- PXE boot by using a legacy network adapter
- Boot from floppy (.VFD)
- Provides 2 IDE controllers – IDE 0 and IDE 1 to attach up to two drives on each controller
Generation 2 – Features & Advantages
- Uses UEFI Firmware
- Supports Guest Operating System VMs Windows Server 2012 & above
- Provides Secure boot by default, and helps computer fight against the Virus infections and Malware attacks
- Hot add/removal of the virtual network adapter
- Shielded virtual machines
- Storage spaces direct
- Boot from a SCSI virtual hard disk (.VHDX) or virtual DVD (.ISO). Connect up to four SCSI controllers, attach 64 drives
- PXE boot by using a standard network adapter
- Boot Volume can be resized when using a VHDX file while VM is running
With new Windows Server 2019 Hyper-V, Generation 2 VMs can now also be deployed in Azure. Still, there are some restrictions in using generation 2 VMs in Azure, but now it is possible to deploy. Check out this Microsoft page to get more details on Generation 2 VMs (preview) on Azure.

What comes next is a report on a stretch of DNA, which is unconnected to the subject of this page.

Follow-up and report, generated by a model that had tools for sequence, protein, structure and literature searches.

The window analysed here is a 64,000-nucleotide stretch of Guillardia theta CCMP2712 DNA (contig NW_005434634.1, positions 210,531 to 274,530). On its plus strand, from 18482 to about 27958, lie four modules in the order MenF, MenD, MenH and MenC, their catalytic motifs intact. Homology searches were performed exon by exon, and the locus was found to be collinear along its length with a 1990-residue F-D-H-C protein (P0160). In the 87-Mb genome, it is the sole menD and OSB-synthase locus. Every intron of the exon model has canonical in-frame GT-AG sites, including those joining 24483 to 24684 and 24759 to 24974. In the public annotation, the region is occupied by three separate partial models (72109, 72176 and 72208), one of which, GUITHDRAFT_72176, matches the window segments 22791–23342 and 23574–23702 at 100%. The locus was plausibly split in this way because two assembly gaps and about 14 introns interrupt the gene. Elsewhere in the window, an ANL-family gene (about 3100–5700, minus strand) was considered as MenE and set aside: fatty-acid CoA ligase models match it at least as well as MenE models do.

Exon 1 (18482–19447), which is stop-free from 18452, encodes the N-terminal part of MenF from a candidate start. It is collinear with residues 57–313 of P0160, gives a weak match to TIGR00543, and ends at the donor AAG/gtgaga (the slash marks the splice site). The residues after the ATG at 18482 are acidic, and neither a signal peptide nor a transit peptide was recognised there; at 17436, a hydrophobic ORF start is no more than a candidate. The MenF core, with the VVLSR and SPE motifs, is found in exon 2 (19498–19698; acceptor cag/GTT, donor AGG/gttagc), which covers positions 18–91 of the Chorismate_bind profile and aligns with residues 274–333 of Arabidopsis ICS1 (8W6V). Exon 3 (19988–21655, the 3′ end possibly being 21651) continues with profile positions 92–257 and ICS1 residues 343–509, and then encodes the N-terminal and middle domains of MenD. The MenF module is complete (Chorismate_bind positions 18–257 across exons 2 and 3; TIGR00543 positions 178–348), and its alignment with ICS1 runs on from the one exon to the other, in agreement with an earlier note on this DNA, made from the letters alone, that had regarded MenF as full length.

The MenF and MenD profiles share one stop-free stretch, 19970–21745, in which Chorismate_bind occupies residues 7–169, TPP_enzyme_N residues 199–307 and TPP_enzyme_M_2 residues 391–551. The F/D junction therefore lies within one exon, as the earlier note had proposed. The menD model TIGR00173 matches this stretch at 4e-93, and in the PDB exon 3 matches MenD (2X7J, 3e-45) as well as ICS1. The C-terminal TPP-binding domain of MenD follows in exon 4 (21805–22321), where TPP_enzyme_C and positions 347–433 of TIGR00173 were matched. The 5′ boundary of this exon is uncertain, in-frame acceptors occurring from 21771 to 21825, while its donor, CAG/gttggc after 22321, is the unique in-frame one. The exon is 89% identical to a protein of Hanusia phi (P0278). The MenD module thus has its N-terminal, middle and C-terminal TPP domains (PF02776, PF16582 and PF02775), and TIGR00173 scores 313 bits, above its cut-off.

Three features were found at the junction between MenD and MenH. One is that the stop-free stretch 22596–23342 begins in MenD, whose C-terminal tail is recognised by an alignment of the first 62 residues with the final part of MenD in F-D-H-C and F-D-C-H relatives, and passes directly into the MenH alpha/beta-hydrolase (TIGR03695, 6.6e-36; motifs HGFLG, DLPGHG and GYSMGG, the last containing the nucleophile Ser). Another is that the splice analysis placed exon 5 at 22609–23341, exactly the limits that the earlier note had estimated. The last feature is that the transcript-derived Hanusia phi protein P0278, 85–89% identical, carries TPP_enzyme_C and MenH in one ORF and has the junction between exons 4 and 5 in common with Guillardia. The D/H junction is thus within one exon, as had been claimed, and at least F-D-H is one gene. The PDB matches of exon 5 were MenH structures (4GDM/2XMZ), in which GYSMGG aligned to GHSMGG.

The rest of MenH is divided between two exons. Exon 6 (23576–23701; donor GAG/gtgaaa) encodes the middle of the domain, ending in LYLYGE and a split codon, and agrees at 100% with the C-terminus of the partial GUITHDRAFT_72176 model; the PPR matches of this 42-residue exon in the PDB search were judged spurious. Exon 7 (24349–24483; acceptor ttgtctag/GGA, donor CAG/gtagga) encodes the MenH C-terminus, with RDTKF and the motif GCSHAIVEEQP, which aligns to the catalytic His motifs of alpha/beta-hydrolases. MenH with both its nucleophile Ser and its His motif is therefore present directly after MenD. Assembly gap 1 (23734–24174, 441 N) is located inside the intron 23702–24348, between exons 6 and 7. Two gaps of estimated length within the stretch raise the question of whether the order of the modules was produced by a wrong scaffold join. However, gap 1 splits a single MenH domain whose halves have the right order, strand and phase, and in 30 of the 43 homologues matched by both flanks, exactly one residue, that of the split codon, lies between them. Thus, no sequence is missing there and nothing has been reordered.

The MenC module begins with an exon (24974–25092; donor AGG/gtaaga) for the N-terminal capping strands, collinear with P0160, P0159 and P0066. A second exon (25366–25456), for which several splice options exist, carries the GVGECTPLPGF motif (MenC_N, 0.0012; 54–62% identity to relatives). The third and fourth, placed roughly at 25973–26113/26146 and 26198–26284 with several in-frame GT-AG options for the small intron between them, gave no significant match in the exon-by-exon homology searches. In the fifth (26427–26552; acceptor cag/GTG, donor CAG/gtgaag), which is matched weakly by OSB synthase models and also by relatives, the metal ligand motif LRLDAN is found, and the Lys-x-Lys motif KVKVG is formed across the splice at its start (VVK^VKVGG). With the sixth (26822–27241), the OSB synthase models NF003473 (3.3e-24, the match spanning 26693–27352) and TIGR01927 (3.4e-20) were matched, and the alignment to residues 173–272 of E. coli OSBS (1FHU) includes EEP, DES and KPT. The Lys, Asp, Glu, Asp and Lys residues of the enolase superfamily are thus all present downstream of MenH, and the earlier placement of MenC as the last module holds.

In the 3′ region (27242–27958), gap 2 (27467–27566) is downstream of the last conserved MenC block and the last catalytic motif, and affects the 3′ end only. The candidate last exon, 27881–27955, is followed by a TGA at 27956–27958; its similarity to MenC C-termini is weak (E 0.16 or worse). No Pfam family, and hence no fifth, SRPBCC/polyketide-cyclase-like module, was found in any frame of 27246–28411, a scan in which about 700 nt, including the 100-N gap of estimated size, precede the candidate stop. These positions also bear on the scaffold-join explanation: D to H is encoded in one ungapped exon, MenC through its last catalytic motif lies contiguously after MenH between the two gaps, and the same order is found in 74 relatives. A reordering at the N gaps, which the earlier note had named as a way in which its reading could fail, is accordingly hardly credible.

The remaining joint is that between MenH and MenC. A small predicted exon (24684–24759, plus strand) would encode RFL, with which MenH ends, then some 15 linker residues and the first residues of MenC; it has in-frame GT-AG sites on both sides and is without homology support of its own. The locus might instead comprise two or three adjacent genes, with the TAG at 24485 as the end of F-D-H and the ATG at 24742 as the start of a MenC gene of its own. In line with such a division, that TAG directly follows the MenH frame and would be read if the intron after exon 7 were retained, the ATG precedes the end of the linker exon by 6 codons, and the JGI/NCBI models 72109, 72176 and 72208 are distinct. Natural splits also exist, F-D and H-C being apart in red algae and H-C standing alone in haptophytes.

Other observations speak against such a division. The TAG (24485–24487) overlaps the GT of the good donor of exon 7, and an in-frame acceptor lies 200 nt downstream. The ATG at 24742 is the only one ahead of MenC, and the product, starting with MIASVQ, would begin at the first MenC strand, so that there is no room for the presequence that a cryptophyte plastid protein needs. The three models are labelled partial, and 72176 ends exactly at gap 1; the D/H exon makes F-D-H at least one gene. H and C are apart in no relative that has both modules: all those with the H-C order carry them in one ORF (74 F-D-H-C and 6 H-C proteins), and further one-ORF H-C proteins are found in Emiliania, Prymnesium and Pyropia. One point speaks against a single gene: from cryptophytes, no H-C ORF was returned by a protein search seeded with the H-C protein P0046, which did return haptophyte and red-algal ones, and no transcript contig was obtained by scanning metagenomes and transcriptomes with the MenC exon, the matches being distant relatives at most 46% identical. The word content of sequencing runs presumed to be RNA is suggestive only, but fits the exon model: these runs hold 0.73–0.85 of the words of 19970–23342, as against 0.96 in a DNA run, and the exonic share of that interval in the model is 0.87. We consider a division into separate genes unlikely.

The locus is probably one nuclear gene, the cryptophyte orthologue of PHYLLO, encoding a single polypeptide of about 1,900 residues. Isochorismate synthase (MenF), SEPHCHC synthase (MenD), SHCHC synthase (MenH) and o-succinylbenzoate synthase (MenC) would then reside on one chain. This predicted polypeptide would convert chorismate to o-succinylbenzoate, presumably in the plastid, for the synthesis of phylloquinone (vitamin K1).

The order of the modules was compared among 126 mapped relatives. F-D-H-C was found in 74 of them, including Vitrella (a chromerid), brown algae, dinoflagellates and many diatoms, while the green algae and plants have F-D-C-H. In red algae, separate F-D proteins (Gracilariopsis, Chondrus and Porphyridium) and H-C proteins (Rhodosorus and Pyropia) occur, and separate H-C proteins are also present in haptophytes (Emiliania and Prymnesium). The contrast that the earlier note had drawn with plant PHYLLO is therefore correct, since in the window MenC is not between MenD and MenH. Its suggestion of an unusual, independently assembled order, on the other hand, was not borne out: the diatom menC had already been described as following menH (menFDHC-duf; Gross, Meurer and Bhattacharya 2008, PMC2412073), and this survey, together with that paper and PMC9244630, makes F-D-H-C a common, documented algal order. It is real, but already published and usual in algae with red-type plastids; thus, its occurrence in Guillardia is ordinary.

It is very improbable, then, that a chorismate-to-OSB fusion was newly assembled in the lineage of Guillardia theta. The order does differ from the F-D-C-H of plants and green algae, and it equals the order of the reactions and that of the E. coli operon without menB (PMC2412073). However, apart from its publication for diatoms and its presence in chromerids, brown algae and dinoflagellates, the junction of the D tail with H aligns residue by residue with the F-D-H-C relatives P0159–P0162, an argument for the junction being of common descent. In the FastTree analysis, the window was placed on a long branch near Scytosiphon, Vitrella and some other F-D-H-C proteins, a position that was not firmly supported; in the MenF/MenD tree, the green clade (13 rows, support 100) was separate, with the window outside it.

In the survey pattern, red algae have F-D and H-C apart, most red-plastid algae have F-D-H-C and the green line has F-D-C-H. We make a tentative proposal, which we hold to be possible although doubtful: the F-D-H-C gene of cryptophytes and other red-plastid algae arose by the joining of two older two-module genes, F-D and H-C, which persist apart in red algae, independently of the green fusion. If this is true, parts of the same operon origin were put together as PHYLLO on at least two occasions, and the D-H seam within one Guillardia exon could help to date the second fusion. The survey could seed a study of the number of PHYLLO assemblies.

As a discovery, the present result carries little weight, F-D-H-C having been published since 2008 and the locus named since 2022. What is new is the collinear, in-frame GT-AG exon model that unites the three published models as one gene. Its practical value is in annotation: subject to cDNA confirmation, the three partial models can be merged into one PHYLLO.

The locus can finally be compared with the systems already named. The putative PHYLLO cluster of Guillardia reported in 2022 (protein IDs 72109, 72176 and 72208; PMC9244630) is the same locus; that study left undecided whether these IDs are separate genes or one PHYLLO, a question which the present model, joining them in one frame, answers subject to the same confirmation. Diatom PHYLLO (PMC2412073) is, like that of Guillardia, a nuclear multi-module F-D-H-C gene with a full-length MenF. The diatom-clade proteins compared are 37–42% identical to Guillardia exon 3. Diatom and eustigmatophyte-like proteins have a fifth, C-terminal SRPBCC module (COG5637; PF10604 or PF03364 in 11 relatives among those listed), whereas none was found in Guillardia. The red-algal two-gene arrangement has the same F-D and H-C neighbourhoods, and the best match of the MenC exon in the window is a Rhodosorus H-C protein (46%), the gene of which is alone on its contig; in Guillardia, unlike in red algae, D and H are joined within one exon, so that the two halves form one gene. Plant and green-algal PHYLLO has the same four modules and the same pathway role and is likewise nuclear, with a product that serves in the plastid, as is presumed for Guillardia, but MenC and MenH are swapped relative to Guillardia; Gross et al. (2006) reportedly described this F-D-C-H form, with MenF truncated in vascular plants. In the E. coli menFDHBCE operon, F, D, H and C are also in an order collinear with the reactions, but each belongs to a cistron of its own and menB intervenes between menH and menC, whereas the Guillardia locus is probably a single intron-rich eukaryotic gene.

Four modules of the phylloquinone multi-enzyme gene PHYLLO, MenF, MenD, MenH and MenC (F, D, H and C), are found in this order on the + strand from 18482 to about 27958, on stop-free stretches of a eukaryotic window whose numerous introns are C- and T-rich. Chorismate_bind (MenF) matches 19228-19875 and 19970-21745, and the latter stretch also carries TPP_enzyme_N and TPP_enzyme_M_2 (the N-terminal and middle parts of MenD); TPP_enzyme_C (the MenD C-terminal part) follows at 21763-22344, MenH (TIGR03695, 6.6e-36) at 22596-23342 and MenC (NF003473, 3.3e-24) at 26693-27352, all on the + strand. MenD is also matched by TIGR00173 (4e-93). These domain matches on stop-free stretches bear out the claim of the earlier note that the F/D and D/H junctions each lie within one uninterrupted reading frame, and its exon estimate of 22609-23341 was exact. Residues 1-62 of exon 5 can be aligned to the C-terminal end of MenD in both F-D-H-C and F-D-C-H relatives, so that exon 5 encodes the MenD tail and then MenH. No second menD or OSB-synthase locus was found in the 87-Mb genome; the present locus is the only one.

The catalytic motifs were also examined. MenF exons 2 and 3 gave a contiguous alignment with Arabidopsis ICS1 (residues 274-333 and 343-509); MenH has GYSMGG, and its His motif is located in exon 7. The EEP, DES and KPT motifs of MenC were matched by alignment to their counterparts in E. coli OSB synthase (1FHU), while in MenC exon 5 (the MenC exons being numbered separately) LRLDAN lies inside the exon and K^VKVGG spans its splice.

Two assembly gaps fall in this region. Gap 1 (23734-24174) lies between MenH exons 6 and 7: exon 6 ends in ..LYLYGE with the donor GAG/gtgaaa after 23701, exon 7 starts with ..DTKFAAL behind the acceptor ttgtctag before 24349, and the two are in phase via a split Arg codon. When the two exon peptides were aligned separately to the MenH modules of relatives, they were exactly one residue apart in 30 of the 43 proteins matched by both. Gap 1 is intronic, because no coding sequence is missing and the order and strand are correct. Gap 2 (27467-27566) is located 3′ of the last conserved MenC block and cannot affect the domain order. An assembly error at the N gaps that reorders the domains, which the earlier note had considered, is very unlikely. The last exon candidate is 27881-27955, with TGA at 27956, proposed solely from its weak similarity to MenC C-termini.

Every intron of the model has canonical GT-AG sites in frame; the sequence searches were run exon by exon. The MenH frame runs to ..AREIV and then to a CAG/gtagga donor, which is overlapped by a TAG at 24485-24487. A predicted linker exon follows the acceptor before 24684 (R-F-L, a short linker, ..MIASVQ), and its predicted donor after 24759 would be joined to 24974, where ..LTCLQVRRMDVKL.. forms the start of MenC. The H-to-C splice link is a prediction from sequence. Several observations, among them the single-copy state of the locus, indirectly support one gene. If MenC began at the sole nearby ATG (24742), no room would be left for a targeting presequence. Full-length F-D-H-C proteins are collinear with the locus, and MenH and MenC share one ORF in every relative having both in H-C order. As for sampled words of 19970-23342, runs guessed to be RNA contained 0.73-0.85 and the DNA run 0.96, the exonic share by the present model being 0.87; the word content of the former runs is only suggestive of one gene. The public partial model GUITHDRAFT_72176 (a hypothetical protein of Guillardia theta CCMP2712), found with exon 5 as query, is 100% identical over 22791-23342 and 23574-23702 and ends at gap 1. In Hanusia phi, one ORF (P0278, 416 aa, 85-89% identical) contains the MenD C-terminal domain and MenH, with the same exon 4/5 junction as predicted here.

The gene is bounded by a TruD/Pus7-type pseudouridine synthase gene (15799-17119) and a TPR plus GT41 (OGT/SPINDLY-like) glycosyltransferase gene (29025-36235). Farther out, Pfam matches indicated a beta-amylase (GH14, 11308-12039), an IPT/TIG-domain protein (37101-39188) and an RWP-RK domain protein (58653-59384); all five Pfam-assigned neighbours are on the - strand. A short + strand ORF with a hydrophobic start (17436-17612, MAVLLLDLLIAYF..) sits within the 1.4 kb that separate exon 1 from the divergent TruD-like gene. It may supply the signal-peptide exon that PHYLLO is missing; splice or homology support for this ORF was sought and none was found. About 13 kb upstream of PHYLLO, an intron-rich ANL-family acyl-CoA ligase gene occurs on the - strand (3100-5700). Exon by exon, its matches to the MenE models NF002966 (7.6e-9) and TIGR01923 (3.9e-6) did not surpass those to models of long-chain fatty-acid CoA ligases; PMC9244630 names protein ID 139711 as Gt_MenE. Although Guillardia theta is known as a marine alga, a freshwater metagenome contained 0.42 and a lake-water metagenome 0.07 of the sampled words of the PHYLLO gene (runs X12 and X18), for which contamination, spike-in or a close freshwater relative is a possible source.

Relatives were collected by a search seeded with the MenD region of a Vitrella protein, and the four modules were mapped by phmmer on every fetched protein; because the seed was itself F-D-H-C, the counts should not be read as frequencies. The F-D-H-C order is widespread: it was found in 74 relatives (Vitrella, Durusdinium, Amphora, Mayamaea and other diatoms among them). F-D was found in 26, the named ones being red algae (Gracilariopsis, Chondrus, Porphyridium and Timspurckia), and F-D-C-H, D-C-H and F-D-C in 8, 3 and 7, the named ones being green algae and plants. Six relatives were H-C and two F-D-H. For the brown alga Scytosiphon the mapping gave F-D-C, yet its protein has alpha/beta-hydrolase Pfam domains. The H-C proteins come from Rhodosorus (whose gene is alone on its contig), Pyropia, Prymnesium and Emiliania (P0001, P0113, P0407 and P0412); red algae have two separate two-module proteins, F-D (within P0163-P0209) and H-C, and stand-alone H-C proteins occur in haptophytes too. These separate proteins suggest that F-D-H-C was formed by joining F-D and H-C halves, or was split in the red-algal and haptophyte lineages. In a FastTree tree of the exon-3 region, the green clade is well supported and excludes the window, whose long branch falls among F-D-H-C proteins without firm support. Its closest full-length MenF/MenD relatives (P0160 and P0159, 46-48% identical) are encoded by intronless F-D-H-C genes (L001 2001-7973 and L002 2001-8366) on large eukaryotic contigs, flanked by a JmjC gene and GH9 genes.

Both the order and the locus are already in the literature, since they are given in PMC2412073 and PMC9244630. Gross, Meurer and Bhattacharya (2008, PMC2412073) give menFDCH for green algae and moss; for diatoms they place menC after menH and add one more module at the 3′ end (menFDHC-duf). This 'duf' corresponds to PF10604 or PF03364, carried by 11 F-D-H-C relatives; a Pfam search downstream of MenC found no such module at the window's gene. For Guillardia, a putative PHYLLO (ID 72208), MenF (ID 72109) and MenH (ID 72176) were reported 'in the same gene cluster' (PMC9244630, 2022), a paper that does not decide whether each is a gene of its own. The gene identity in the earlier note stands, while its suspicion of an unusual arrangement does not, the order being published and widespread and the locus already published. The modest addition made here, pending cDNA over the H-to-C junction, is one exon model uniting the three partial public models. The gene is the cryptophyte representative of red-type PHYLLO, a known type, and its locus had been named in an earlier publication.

Gen 1 & Gen 2 Cons:
Gen 1 doesn’t support boot from SCSI.
Gen 2 VMs doesn’t support older Guest OS x64 & x32 like Windows 7 or Windows 2008/R2. Further, many older versions of Linux OS is not supported in Gen 2 VMs.
Backup Gen 1 and Gen 2 Hyper-V VMs
Despite the VM generation, you need to protect their data. But, there are some restrictions on Generation 2 VMs with specific requirements.
- Flat VMDK restore is not supported for generation 2 guest OSes with more than 2TB disk
- Live restore to Windows Server 2008 R2 and Windows Server 2012 is not supported for Generation 2 guest machines
- Recovery of Generation 2 Linux OS with UEFI partition (secure boot enabled) will not work as no “.efi file” is found during the restore
Vembu BDR Suite is one such solution that supports backup for both generations Hyper-V VMs.
Vembu BDR Suite – Hyper-V backup features
- Host-Level Image-based Backup
- Backup from Hyper-V Cluster, SMB and CSV
- Application-Consistent Backup
- Instant VM Recovery
- Granular Recovery for Files & MS-Apps
- Cross-Hypervisor Migration (V2V)
- Automatic Backup Verification
- Replicate backups to Cloud or Remote/Branch Office
How to decide which generation VM you should we use?
By default, I always recommend using Generation 2. It is easy to manage, has more features, more secure, can add more resources to the VM and is a faster VM (particularly when booting), than Generation 1 VMs.
However, if you are using x32 bit Guest OS – need to have legally Guest OS, you have some special software requirements to use Gen 1 VMs, or you need to use some virtual floppy or COM ports, then you need to use Generation 1 VMs. Also, for VMs with Linux Guest OS, it is better to use Generation 1.